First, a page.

This, all this, is clearly what is theirs. The collective expression of all of these unique palates is wheedled into existence by the constant, Sisyphean push for their Holy Grail—one part inspired creation, one part seasonal harmony, and one part business savvy. “We’re at the whim of things around us…but we also have to be perfect. Good luck,” he snorts, somehow managing to look both ecstatic and exhausted by the challenge.  

But while it might look like a dream laboratory for a mad scientist, Kostow is not, to be sure, spending his days gazing up at the clouds composing his next masterpiece. Rather than allow the day-to-day cogs of running a business muddy the visionary freedom of his cooks, he has stationed himself right on the line of what is and what could be. He reassures one side as he fosters the other.

“You can’t let the operation side of things take away your ability to be inspired, right? That is the hardest fucking thing,” he says. “That’s my mountain: finding the headspace to really think about things and come up with new ideas.”

Typically, Kostow has one cook holding down research and development, tasked with keeping things on track in dreamland. “If I’m out of town or something, they're the one making sure we’re still doing tastings, that everyone’s been assigned to work on certain elements of certain dishes,” he reasons. “That way you’re separating operations from R&D. That’s really the only way I’ve found to not allow creativity to not get burdened by everything else. I don’t know how other chefs do it, to be honest with you. I’d be really curious to know.”

I wonder if there’s a moment on the menu where he sees the stars aligning, where he feels they expressed the true nature of a craving. He rifles through a few worn printouts covered in inky notes, allowing the written word to jolt his memory, and settles on a potato dish. With the clean swiftness of a math genius solving a simple proof, he lays it out: a single small potato, cooked in local beeswax, is peeled, and served on a little bed of a puree of those same potatoes. It’s topped with a crunchy gravel of dried sorrel and potato, and finally, garnished with tiny micro-sorrel. It is the Ultimate Potato, the natural sweetness nudged to the forefront of your flavor centers by the brightly acidic sorrel.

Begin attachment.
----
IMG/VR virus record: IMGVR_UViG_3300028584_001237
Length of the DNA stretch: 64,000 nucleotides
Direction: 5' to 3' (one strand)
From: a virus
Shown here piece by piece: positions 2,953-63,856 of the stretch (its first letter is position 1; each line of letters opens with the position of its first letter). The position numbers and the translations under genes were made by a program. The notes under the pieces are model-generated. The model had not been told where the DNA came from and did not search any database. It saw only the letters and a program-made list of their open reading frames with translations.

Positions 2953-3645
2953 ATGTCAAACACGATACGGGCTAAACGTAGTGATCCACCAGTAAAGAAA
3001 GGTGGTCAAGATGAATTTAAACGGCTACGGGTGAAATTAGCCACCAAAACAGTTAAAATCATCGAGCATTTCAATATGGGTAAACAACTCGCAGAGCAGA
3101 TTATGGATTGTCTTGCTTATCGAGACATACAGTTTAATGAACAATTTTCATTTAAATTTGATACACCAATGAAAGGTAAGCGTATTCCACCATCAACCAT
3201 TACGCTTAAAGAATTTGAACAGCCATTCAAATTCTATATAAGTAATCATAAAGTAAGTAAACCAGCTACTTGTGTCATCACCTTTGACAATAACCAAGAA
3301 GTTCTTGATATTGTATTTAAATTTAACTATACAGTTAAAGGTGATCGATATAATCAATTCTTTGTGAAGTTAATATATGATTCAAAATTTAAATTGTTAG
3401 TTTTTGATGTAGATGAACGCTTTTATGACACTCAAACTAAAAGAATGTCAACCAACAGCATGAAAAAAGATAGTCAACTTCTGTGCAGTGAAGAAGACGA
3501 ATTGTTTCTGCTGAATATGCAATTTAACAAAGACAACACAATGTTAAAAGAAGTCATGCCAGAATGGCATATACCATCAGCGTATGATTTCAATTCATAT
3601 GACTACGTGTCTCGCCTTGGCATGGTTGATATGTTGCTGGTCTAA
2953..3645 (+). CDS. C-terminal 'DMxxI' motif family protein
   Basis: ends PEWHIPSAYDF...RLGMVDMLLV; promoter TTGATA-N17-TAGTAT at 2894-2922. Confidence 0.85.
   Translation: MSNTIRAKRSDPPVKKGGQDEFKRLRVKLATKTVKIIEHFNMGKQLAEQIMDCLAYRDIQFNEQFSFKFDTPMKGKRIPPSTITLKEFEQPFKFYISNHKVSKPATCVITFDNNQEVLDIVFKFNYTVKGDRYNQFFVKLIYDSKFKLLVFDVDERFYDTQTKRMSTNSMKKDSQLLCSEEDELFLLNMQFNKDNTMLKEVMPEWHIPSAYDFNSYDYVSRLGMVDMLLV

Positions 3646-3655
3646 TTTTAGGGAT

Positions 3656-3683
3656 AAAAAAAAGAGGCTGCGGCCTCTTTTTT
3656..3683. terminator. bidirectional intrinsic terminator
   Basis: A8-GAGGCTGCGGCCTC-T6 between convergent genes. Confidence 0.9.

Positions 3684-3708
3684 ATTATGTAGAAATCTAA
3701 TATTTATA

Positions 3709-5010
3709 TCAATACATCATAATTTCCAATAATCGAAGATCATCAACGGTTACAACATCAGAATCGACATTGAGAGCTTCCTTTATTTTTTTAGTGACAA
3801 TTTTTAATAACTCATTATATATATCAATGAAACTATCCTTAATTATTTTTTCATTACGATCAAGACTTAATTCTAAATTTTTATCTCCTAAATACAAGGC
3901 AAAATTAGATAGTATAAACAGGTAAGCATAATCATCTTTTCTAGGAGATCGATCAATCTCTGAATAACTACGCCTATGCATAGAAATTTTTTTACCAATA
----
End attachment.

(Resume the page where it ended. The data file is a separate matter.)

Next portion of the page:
“You see all that stuff going on in that kitchen?” he asks, pointing back over his shoulder as we make our way back through the dining room, “I believe in harnessing all those things to make something that’s fucking delicious. It’s deliciousness that gets me.”

It’s not about what’s the most esoteric, and although certainly some of our shit is esoteric,” he adds, “it’s really about what is incredibly enjoyable to eat.”

Enjoyable though it may be, in the intricate and demanding environment of a tremendously busy and groundbreaking joint like this, the food—and the palate— is not everything. Kostow’s taste buds and way with nature don’t exist in a vacuum, and he’ll be the first to admit it.  

“The experience is a lot bigger than me. It’s about my relationship with a prep cook, it’s about how I run the garden, it’s about a million things that are not me,” he says, gesturing to the room at large. “The palate has no value if the rest of the stuff is not in place. I’m just a dot in all this."



By Cassandra Landry. Illustration by Elizabeth Graeber